This historic town is just three miles from the Scottish border. It’s a great area for art lovers, with plenty of galleries in the town. Plus you can’t miss the great Elizabethan walls – built to to stop the Scots from invading! There are plenty of great walks to do, taking in views of the River Tweed estuary.
Take a wander through the Breamish Valley, and you’ll be rewarded with impressive views as this 18m high waterfall cascades into a huge plunge pool.
Duddo Stone Circle
Northumberland’s answer to Stone Henge, the Duddo Stone Circle dates back over 4,000 years! The five mysterious upright blocks of stone are quite an eerie sight, so be sure to stop by.
Lindisfarne AKA Holy Island
This island is reachable by a causeway at low tide. It’s called Holy Island as it’s famous for its monastery, which was founded back in 635 AD when Irish monks settled there. You can visit the Priory to learn all about the history, check out Lindisfarne Castle, explore the island and soak up the views… just be sure to check the tide times in advance so you don’t get stranded!
Northumberland Holiday Cottages
Forget looking for hotels in Northumberland, there are plenty of gorgeous holiday cottages that are perfect for a break in the region. Lots are dog friendly, have parking and many have absolutely stunning views. Here are a few of my favourites…
The Good Shepherds Hut, Kyloe – A unique place to stay, this luxury glamping option is absolutely adorable with its wood burner and relaxing views over the Northumberland countryside. It’s close to the coast, and a very short hop from Lindisfarne, perfect for a bit of exploring.
Anchor Cottage, Cresswell – This beautiful stone cottage has panoramic views of the sea towards Druridge Bay and beyond. It’s been fitted out in a chic way too, with exposed beams, a wood burning stove and nautical themed rooms.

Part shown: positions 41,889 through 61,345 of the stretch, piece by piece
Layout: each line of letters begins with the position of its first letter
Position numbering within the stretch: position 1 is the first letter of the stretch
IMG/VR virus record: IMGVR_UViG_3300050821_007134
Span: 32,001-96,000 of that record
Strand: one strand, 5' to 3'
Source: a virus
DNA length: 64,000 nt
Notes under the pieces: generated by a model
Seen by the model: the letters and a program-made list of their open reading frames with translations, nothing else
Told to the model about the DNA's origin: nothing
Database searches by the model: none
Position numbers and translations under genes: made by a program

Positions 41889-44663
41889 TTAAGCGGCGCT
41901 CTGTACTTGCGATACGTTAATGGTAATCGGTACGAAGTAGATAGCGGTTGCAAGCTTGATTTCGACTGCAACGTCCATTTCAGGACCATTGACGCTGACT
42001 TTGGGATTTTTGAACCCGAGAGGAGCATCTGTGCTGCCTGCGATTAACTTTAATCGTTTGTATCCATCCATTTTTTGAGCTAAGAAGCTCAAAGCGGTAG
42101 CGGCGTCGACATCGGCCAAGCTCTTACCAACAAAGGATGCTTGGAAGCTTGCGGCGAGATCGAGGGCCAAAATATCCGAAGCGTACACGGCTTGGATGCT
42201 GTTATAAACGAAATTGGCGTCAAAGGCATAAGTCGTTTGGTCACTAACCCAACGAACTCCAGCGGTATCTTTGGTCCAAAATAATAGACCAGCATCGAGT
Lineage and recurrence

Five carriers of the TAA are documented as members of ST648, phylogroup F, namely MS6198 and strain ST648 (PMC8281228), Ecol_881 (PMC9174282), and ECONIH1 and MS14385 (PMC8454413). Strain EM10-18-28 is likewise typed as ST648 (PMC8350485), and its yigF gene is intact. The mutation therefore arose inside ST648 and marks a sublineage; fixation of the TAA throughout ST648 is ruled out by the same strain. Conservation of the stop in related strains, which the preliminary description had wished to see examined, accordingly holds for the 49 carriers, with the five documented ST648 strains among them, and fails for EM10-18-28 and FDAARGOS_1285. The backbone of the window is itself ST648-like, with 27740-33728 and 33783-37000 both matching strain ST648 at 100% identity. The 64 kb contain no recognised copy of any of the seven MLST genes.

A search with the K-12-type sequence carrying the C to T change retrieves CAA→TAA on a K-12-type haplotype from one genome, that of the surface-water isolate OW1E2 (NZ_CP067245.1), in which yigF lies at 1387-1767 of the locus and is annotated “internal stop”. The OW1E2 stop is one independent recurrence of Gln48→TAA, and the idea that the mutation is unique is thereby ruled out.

Seascape, Seahouses – With coastal views and a smart interior, this holiday cottage is close to the harbour and beach in Seahouses. I love the look of the open plan lounge, dining and kitchen area – great for a family break.
When Is The Best Time To Visit Northumberland?
England is a country obsessed with weather. Don’t know what to say? Comment on the weather! We talk about it a lot, but contrary to what you may have heard, we don’t have awful weather in England. It’s just a little unpredictable and varies from region to region.
You can expect average lows of around 4 °C in Northumberland in January / February, and highs around 19°C in July / August.
If you’re wondering when is the best time to visit Northumberland, I’d suggest planning a trip in May or June. The weather tends to be warm and sunny, rain is at a minimum and it’s out of peak season, so you shouldn’t be battling any big crowds either. The longest day is around 20th June every year, so it’s a time you can enjoy maximum daylight hours exploring!
I’ve never been a fan of November in England – it gets pretty bleak! It’s the wettest month of the year, and while December can be pretty cold, there’s a Christmas magic around the country which always puts a smile on my face!
This post was sponsored by Cottages In Northumberland, but as always, all opinions are my own.